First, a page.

​Why Samsung didn’t crack the hotel lighting market

I had meeting a few years ago with Samsung about their strategy to enter the lighting market, and hotels was one of the entry points they believed they could attack. They had high-level relationships with hotel owners and operators due to the fact that they already supplied them with TVs, door lock mechanisms and air conditioning units. Why shouldn’t lighting be added to that list?

Their view of the future was that you would check in to the hotel with your smartphone, which would then operate the door lock, and upon entering the room would set the lighting, air conditioning and TV to a profile it knows you like. I’m a big technology fan, and I could see this glimpse of the future as very compelling, but I am also a frequent traveller and know that hotels – and more importantly people – don’t work that way. For instance, what if I have an Apple phone, will I not be allowed to use key features in the room? What if I need to update my software or app to get into the room? If I’ve been out for the evening and my phone’s battery is dead, I’d have to sleep in the corridor. In theory this techno approach sounds great, but in reality it simply wouldn’t work.

The other reason it wouldn’t work is that there is a rule book about hotels, and it states that all hotels shall be the same. The core product of bed, bathroom and silly card about saving the planet by reusing towels, is a constant. Spend a bit more money and you get Molton Brown toiletries, a well-stocked mini bar and a pair of slippers that don’t fit. Spend a bit less, and you get a bottle of Dove welded to the shower wall and a vending machine in reception. The internet connection shall be patchy, whether or not you paid for it.

“There is a rule book stating that all hotel rooms must include a baffling array of switches. Under no circumstances should any of them be labelled”

The one grey area of the hotel rule book is controls. That’s because the aim of controls in hotel rooms is to confuse, disorientate and infuriate the guest. Let’s start with the kill switch, the one you have to put your keycard in to have the remotest chance of anything working. When you enter the room, every single light will turn on, along with the TV. So the big question on the kill switch is, if you leave the room will you still be able to charge your laptop and mobile devices? The answer is usually no, meaning you have to keep the spare key or a business card in the slot when you leave the room, defeating the object. The kill switch is from a time before smartphones and laptops existed.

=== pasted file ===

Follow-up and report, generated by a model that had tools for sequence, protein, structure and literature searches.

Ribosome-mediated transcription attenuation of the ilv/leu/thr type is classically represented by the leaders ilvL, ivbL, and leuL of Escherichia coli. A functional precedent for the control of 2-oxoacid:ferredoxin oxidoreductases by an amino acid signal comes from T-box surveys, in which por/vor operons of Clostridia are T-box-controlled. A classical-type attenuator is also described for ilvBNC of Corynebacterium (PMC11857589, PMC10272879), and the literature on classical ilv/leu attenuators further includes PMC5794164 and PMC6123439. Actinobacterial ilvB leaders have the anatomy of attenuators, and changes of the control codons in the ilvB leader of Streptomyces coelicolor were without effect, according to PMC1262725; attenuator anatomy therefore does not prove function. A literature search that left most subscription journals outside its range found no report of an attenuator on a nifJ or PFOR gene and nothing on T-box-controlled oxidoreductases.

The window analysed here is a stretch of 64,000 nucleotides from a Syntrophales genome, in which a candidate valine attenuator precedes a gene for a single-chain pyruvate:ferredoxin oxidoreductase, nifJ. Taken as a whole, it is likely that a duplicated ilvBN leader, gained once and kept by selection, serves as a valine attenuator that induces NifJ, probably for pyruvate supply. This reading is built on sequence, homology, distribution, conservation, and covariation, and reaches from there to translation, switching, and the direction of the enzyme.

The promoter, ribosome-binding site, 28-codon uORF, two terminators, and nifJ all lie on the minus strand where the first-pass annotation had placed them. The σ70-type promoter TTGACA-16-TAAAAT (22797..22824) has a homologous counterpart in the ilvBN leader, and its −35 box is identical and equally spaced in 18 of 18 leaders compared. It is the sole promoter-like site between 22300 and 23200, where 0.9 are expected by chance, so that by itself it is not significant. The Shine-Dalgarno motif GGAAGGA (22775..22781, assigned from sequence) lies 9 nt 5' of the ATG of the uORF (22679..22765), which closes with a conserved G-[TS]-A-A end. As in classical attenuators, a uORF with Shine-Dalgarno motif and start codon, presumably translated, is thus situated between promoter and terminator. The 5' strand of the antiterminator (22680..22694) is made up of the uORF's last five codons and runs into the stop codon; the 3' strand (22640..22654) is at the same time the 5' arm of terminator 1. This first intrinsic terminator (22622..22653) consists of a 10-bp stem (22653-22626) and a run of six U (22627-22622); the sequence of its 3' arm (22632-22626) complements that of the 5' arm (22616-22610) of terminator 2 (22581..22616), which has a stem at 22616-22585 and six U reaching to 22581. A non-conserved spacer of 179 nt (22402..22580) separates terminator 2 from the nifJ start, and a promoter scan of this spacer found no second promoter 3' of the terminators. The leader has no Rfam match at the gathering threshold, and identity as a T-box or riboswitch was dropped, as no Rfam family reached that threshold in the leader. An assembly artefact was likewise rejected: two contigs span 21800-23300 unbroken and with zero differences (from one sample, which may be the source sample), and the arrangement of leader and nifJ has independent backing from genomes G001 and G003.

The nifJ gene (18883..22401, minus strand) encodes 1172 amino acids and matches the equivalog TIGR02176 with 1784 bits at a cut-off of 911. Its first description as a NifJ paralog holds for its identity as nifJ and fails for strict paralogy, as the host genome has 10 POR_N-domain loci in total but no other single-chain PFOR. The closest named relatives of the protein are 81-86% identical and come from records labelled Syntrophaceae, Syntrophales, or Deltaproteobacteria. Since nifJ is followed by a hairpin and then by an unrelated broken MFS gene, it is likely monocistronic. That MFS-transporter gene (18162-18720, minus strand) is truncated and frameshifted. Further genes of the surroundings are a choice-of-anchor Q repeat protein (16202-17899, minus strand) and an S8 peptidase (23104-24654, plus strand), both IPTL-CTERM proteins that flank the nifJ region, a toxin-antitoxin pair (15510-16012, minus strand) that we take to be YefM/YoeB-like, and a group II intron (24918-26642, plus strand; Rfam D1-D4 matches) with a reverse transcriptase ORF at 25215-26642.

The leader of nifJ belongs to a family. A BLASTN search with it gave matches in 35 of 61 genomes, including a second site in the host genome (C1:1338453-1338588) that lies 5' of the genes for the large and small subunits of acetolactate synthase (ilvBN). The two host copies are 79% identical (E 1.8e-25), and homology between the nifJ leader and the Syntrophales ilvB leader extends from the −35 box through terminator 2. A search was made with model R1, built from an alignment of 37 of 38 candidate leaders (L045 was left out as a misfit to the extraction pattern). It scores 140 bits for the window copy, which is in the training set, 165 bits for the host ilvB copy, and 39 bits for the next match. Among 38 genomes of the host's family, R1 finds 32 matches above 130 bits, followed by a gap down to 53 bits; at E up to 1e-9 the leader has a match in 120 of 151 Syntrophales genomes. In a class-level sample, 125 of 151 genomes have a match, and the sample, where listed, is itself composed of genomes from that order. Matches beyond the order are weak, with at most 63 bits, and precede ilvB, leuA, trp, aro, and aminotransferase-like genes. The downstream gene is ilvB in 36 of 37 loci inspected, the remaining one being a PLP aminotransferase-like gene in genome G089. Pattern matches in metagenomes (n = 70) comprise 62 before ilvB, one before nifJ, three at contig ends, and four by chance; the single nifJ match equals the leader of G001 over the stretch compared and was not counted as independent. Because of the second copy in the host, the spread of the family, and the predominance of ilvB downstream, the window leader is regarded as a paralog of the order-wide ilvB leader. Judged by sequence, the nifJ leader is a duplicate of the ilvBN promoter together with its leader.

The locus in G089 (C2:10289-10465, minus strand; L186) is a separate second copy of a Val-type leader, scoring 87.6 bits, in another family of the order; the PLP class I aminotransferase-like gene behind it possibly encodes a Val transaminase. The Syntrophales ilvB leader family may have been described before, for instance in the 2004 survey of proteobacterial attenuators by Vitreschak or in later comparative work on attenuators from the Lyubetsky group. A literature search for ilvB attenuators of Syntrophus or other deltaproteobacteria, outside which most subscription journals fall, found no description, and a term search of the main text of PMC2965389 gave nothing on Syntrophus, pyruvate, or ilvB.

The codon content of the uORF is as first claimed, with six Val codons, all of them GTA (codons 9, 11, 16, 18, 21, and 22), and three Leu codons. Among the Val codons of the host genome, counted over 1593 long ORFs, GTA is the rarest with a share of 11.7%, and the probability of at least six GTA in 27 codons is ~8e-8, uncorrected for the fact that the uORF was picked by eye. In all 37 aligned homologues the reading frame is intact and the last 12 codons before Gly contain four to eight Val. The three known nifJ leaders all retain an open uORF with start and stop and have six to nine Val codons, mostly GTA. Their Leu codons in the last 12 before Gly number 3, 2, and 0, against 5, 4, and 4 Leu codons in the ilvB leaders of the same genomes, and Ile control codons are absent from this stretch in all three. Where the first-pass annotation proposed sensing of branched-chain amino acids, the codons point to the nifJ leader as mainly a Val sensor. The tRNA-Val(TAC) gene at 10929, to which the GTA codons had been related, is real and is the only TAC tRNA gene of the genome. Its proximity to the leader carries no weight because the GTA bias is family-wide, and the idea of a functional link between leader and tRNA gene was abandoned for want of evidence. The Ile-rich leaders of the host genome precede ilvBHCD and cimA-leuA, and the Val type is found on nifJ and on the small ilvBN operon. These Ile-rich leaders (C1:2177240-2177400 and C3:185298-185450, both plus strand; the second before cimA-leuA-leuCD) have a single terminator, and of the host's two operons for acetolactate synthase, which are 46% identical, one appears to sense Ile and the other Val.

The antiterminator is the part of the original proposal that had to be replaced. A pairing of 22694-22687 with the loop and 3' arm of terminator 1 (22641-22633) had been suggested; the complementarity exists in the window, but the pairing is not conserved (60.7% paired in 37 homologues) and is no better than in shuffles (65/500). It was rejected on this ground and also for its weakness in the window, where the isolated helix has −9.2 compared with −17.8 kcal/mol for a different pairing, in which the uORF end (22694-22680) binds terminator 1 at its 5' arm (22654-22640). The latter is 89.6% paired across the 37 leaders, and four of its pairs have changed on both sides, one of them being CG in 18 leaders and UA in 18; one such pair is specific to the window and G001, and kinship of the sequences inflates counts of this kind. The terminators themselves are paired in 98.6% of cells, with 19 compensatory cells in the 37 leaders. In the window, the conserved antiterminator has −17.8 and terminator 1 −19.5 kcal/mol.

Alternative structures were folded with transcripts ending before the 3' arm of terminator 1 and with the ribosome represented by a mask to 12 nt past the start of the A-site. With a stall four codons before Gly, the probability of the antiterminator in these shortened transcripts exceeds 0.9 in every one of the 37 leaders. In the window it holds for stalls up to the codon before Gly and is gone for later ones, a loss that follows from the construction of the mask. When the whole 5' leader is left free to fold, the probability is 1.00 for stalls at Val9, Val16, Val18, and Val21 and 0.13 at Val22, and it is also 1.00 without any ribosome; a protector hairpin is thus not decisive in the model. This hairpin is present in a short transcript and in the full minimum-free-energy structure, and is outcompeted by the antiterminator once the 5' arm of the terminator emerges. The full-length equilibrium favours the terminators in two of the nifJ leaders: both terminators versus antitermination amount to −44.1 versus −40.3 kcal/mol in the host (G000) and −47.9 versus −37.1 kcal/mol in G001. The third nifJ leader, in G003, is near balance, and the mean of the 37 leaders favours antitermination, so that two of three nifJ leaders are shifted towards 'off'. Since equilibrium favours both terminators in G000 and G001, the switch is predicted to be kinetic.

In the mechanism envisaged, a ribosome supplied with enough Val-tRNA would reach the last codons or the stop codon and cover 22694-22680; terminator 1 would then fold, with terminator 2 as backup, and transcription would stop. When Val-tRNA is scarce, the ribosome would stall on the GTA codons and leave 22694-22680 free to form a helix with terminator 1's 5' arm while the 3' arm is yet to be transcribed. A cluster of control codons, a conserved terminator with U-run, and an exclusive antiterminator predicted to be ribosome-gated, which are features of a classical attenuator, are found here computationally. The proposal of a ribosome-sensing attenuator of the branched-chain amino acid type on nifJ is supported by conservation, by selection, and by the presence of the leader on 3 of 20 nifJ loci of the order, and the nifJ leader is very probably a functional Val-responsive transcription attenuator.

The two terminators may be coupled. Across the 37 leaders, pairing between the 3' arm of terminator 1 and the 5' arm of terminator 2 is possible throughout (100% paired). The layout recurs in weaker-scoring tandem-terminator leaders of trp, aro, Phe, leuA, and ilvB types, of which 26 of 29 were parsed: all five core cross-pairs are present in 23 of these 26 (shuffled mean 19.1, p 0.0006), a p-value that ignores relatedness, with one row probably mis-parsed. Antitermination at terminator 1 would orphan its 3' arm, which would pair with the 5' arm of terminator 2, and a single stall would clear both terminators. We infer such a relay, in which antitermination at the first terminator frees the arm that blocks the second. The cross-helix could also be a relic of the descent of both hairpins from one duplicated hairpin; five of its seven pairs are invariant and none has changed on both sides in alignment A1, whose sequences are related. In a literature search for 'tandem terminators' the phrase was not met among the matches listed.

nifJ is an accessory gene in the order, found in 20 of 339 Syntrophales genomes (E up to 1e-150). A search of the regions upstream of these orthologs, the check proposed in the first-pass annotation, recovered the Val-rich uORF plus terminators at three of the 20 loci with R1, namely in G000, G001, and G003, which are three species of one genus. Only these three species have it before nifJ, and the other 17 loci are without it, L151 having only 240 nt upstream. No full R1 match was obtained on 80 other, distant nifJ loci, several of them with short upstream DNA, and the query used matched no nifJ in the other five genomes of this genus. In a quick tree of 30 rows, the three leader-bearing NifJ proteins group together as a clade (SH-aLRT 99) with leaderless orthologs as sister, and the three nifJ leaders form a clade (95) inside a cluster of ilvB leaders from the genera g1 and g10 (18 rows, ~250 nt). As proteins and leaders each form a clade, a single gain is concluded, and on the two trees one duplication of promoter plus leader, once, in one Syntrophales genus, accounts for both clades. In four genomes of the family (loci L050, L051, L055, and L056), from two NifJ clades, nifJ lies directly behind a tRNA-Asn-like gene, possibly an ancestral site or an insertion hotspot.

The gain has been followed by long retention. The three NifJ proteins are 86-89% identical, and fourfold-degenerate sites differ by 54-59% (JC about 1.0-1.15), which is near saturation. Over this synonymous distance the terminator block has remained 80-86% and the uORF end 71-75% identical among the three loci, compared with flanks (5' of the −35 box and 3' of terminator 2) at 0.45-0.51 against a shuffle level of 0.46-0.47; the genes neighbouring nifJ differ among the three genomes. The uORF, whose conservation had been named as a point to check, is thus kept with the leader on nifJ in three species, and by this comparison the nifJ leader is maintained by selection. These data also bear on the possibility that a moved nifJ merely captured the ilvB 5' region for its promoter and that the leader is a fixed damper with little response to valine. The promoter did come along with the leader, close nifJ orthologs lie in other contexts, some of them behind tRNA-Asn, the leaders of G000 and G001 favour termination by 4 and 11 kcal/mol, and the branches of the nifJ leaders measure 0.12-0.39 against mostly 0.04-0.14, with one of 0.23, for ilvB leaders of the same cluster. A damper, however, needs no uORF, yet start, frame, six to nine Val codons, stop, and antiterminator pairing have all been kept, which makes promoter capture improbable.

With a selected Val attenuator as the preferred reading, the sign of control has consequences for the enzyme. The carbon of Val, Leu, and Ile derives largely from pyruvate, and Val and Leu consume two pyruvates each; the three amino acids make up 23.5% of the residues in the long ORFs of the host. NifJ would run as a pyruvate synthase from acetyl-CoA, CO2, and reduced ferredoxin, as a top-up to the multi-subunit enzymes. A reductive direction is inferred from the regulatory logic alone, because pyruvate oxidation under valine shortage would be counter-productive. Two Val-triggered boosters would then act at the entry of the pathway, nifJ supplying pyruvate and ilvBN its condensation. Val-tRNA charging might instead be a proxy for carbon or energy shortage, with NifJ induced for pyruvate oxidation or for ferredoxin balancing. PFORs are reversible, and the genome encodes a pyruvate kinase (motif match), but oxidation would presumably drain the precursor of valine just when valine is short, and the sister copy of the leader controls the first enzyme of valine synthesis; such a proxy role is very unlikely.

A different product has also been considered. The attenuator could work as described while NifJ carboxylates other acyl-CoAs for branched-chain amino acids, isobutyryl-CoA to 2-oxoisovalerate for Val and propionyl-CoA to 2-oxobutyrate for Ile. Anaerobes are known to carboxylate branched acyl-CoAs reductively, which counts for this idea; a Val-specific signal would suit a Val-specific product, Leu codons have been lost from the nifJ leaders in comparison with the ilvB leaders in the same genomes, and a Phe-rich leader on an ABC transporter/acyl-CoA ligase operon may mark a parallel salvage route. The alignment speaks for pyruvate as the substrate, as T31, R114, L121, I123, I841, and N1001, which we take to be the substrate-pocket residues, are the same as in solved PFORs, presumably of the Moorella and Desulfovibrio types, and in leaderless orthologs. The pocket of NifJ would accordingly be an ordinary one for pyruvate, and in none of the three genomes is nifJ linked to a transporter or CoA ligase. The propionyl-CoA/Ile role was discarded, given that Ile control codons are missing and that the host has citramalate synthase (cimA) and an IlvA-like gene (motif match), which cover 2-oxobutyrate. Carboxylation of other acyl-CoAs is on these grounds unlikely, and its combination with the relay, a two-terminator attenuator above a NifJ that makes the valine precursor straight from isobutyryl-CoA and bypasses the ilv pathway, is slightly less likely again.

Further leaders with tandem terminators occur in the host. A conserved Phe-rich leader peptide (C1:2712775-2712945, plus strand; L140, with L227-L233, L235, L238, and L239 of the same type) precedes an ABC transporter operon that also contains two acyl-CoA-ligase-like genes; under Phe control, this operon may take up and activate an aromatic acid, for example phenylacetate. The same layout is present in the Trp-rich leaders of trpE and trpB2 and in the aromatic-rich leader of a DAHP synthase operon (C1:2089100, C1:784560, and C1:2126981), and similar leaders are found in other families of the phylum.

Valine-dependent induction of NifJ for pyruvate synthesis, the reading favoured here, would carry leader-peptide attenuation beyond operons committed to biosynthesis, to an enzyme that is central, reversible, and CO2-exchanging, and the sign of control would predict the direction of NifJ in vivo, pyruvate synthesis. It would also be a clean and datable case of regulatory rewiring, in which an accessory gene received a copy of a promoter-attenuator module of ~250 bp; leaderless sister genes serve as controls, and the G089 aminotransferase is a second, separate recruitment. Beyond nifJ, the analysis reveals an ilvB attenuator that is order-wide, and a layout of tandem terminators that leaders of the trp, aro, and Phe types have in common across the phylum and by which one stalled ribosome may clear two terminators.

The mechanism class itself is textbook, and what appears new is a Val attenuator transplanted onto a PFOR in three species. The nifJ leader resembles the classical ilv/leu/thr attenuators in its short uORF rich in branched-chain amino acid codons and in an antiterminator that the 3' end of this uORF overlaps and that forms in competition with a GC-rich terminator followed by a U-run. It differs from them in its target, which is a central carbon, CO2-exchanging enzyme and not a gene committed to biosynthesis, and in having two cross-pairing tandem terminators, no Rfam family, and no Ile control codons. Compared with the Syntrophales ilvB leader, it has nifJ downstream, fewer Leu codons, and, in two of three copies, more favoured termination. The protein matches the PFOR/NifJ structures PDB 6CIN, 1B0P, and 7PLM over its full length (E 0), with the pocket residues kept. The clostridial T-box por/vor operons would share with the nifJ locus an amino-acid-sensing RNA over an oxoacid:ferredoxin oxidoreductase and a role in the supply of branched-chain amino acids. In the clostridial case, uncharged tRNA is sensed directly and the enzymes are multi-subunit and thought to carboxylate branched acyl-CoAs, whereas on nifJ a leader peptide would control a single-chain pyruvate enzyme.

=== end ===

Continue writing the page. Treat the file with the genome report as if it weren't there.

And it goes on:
A few rules from the book on lighting. The room must be fitted with an excess of light fittings, which the visitor would probably not have in their own bedroom. The room must include a baffling array of switches near to the bed, and at least one light must not be able to be operated from bed, making sure the user has to search all corners of the room to switch it off before going to sleep. For maximum confusion the switches should be distributed at either side of the bed, with different functions. Under no circumstances should any light switch be labelled.

I realise that lighting hotel rooms can be a challenge, as the room has to function for many different uses: office, dining room, TV room, pleasure dungeon. You would think that in all these years someone would have come up with a control scheme that delivers. I’ve seen attempts to use conventional controls, but this defaults to the control industry standard of a panel with eight unlabelled buttons, which is badly commissioned. 

I stayed in a hotel last week that had an emergency light in the room, and with the green light from the tiny charge indicator, I could actually see my way around the room at night.

So there we have it, hotel room controls are crying out for innovation. Simple, easy-to-use stuff that delivers, in all parts of the world for all users. One day someone may solve it, but it has passed Samsung by.